Data, like money, seems to be driving the world these days. Data-producing technology has evolved so fast in the past few decades that it has created – and continues to do so – huge amounts of data that, like a very large wild creature, need to be tamed and tended to. Competence centres and core facilities in Universities have budded over the past 20 years as a means to centralize the data they generate by offering ways to store them, analyze them and visualize them. And in all sorts of fields: from physics and the life sciences, to astronomy and economics. Rostyk Kuzyakiv is a Data scientist at SIB’s High Performance Computing centre and core facility S3IT on the grounds of the University of Zurich and, together with Dr. Lars Malmström (Senior Data Scientist at the S3IT), is in charge of IPortal, an integrated data and workflow manager developed specifically for biomedical data.

The S3IT adventure began in 2014 and was largely inspired by another well-known core facility: Vital-IT. IPortal emerged a couple of years later when it became apparent that biomedical data was in dire need of its own facilities. “Biomedical data was – and still is – pouring in. We were dealing with many projects and it was becoming difficult to cope,” says Kuzyakiv. “The need for a place not only dedicated to biomedical data and its analysis but that researchers could easily refer to and go back to was becoming necessary.” For this, Kuzyakiv, Malmström and their team talked to researchers involved in such data and its understanding, to grasp what the specific needs could be in terms of data storage and retrieval, of software for analysis and tools for visualizing their results.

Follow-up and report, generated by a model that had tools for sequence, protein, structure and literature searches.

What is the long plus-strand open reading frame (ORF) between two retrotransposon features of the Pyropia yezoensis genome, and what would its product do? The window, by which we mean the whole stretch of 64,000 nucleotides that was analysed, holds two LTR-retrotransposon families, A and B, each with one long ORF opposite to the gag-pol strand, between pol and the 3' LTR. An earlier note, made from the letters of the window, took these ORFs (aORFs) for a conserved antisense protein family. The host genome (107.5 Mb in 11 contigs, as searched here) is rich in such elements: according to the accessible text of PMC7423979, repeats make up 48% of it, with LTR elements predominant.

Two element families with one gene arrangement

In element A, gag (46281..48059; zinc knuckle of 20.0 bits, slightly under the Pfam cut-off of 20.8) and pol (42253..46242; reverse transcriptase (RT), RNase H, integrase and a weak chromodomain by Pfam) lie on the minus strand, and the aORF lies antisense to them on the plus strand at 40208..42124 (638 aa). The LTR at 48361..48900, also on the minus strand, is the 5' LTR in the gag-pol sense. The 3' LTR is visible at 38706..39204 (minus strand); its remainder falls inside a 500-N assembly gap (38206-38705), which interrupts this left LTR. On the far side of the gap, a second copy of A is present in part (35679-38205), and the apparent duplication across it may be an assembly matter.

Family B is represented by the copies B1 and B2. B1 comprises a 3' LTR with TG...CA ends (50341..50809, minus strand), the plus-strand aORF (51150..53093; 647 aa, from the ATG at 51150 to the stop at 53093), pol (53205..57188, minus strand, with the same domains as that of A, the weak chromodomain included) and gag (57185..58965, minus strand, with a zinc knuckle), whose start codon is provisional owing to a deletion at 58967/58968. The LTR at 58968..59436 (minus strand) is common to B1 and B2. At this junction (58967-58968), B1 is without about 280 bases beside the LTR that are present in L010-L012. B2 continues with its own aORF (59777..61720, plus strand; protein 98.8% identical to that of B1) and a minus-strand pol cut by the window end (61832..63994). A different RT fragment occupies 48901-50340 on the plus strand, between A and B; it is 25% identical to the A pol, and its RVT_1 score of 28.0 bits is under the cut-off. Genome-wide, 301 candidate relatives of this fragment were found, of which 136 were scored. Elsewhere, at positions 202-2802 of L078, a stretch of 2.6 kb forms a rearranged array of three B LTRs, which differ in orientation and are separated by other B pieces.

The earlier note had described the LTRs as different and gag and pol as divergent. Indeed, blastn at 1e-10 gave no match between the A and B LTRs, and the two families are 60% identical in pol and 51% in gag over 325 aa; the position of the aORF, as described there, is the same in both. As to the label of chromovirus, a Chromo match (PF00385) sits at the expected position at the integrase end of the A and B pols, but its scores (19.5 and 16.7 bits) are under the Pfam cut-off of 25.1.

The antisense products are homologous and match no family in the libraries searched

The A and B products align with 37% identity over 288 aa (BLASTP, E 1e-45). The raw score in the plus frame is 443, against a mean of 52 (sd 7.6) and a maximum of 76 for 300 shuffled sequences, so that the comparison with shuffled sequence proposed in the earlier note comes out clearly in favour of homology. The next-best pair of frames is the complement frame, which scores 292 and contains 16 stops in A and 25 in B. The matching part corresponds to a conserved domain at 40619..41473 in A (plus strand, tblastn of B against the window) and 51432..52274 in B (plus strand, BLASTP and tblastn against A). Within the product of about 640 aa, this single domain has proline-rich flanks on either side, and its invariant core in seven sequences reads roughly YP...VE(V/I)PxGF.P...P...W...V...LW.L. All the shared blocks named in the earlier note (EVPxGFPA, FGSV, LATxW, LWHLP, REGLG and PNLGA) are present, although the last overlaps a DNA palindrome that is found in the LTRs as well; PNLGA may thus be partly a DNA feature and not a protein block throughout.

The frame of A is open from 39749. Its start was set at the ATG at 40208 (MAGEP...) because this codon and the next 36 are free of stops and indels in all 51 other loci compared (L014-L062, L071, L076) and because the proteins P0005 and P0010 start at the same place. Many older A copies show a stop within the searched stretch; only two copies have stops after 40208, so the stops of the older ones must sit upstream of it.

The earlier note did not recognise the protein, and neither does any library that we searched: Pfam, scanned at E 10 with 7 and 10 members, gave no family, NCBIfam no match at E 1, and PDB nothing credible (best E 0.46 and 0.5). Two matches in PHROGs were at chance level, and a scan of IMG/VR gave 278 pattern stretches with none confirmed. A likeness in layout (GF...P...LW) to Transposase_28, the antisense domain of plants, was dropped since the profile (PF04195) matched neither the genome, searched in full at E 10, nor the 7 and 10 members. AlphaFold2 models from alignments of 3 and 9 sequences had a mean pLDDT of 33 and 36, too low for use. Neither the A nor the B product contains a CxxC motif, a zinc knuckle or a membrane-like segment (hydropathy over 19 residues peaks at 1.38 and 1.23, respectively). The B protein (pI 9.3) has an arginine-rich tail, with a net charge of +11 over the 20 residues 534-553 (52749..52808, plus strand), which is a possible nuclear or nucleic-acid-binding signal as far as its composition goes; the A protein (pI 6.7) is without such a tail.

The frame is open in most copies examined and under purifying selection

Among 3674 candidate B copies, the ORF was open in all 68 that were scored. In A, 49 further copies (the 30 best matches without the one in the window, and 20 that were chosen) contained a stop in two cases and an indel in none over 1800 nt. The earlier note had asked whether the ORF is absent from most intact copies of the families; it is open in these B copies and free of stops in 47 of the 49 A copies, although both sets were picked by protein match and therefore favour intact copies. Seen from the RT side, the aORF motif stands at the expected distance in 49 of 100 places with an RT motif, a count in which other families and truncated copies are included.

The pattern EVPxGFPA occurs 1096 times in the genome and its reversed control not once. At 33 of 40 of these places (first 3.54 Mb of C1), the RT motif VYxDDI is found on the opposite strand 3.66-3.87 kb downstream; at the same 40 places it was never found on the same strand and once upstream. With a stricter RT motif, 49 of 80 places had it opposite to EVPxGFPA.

“IPortal is a hyper-friendly four-step system,” continues Kuzyakiv. Researchers can literally copy and paste their data into the system. They are then requested to annotate their datasets. “This is the part researchers tend to shy away from,” regrets Kuzyakiv. “But it is an essential part of the process; it gives you the means to identify and retrieve your work easily, for any future purpose.” Malmström adds: “The power of IPortal comes from the minimalistic design approach. All underlying components are under business-friendly open source licenses and most components have been around for a decade or more which means that they are both established and stable.”

Though still in its youth, IPortal has already been vital to a number of projects, the most recent of which had its results published in EMBO Reports in June this year. Currently, all users are based at the University of Zurich. When asked whether “outsiders” are able to benefit from IPortal, Kuzyakiv answers that it is something they are working on and that should happen during the course of 2019-2020.

 

Rostyslav Kuzyakiv currently works as a Data scientist at the Service and Support for Science IT (S3IT) Unit of the University of Zurich – an HPC and core facility of SIB.
After earning his MD in Ukraine in 2003, he practiced as a medical doctor before moving on to the University of Toronto where he became clinical project manager at the Toronto East General Hospital. Upon his return to Europe, he became a researcher at SIB in Geneva while also acting as clinical data manager at the Geneva University Hospital. Since 2014, at the S3IT, Kuzyakiv has supervised local and international projects, focusing on data management and bioinformatics applications for life science and medicine.

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